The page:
He is the first African to receive the Pritzker Architecture Prize and thanks to his buildings he improves the lives and solves the needs of the inhabitants of a region of the world that is often forgotten
The commitment to its people, social awareness and aesthetics are the hallmarks of the work of the architect from Burkina Faso Diébédo Francis Kéréwho has received the 2022 Pritzker Prize, something like the Nobel Prize for Architecture.
In his native language Diébedó means “the one who came to organize things” and he was the first child in his community to attend school. Years later got a scholarship to study carpentry and moved to Berlin, Germany. There she continued her studies and in 2004 she graduated in Architecture from the Technische Universität Berlin, one of the most prestigious educational centers in Europe.
Apply your education for the benefit of your people
Before finishing his studies in Architecture, Kéré, committed to help their community and give them back their privileged educationcreated a non-profit organization, the Kéré Foundationwith the aim of building projects in his hometown, I win.
In fact, thanks to the funds raised, he built a primary school there in 2001 -without having finished his studies in Architecture.
The Gando’s school it was so successful that the student body increased from 120 to 700 students, for which it had to carry out an extension of the classrooms. In addition, in the same location it has carried out other projects such as housing for teachers (2004) and the library (2019).
Improve people’s lives
This project in his hometown, Gando, laid the foundations for his philosophy: meet an essential need in your community and thus fight against social inequalities.
“I hope to change the paradigm, push people to dream and take risks. Not because you are rich you should waste material. Not because you’re poor you shouldn’t try to create quality”, assures Kéré. “Everyone deserves quality, everyone deserves luxury, and everyone deserves comfort. We are interconnected and concerns about climate, democracy and scarcity are common to all”, she sentences. For this reason his buildings are synonymous with beauty, modesty, audacity and invention.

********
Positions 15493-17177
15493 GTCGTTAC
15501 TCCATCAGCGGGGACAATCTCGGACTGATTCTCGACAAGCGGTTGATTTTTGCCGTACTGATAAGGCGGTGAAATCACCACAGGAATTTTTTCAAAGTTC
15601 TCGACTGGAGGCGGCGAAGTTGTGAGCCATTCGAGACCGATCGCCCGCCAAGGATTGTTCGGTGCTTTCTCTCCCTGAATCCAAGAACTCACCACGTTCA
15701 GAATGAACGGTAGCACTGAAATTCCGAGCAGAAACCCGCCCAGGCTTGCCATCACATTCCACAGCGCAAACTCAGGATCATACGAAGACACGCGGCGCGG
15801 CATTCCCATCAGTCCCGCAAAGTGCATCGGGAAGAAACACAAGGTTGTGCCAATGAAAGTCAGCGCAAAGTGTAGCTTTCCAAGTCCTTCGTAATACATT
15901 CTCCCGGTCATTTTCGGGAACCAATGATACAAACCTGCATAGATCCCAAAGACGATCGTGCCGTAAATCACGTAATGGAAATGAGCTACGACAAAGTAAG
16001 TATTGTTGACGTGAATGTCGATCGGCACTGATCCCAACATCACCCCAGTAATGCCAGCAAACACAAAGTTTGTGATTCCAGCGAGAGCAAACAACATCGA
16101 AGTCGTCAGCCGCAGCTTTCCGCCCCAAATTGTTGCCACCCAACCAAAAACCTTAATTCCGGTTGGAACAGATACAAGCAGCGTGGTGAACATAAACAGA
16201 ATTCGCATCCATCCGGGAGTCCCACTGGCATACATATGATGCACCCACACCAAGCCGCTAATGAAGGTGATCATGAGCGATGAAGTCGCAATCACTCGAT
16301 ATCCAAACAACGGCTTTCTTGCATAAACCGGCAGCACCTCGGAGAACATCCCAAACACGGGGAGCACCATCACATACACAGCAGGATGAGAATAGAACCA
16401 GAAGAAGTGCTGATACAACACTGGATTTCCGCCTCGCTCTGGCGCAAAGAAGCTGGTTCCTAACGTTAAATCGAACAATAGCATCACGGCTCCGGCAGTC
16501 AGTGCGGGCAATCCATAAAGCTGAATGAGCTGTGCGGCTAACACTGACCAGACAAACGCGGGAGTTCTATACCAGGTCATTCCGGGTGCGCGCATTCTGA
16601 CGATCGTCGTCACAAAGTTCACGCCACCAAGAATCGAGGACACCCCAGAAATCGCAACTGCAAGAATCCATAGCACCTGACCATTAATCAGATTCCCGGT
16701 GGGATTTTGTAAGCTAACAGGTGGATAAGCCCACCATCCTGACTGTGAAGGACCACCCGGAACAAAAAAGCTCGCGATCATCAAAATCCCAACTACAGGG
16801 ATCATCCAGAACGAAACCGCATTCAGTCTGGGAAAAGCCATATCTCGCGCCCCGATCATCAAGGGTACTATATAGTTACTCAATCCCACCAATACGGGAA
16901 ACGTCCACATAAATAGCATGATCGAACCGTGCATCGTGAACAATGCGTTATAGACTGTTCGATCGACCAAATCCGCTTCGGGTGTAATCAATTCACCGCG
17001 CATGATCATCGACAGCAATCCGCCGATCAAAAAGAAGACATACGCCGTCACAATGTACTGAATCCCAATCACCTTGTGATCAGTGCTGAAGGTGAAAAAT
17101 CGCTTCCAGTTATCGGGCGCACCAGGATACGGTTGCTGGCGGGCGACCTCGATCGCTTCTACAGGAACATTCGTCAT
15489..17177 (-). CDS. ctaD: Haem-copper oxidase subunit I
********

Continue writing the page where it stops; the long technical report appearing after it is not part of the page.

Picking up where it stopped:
This is an image gallery of some of his works:
Without a doubt, its architecture is sustainable for the earth and its inhabitantswho sometimes live in conditions of extreme scarcity, with limitations and adversities.
For this reason, use local materials and traditional techniques from his town. For example, the raw material used in Gando’s school was the native clay with which he built brick blocks with the neighbors.
This clay was fortified with cement to form bricks with bioclimatic thermal mass, which retain cooler air inside while allowing heat to escape through the high, cantilevered, wide roof.
So with this ventilation solution air conditioning is not required and light enters the rooms. Kéré himself remembered the heat and shortness of breath that he suffered when he attended school as a child.
Africa in the heart
Kéré’s work is full of symbolism. His education and experiences lived in Gando feed their way of seeing architectureboth in Africa and in other parts of the world.
As he himself explains:
“I grew up in a town where there was no nursery school, but where the whole community was your family. Everyone took care of you and the whole town was your playground. My days were based on securing food and water, but also just being together, talking together, building houses together. I remember the room where my grandmother would sit and tell stories with a little light, while we huddled next to each other and her voice inside the room enveloped us, summoning us to come closer and form a safe place. This was my first sense of architecture.”
meet under a tree
Also the tradition of meeting under a sacred tree to talk, tell stories and celebrate is one of the most recurrent elements in his constructions.
For example, the Sarbalé Ke that he designed for the Coachella Valley Music and Arts Festival (2019, USA) translates to “House of Celebration” in his native language, and refers to the shape of the hollow baobab tree, revered in his homeland.
Also the famous Serpentine Pavilion designed by him in 2017 in London, it takes its central shape from that of a tree and its disconnected but curved walls are made up of triangular modules colored indigo, a color that represents strength in its culture.
Exchange of ideas between Africa and Europe
Ultimately, his work is combination of ideas inspired by their African continentin its tradition, techniques and community work, and reinterprets them giving them a contemporary use that transcends borders and uses modern engineering techniques.
Without a doubt, Kéré always returns to its roots giving a European touch. And he continues to work in Burkina Faso and throughout Africa and also in other places in the world. He both provides facilities and basic infrastructure for small towns with limited budgets and undertakes larger projects.
But always using the beauty that architecture provides. He is architect and servant.
You can listen to a conversation in which he discussed the power of adapting to the future.
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Francis Kéré, award for a brilliant architect committed to Africa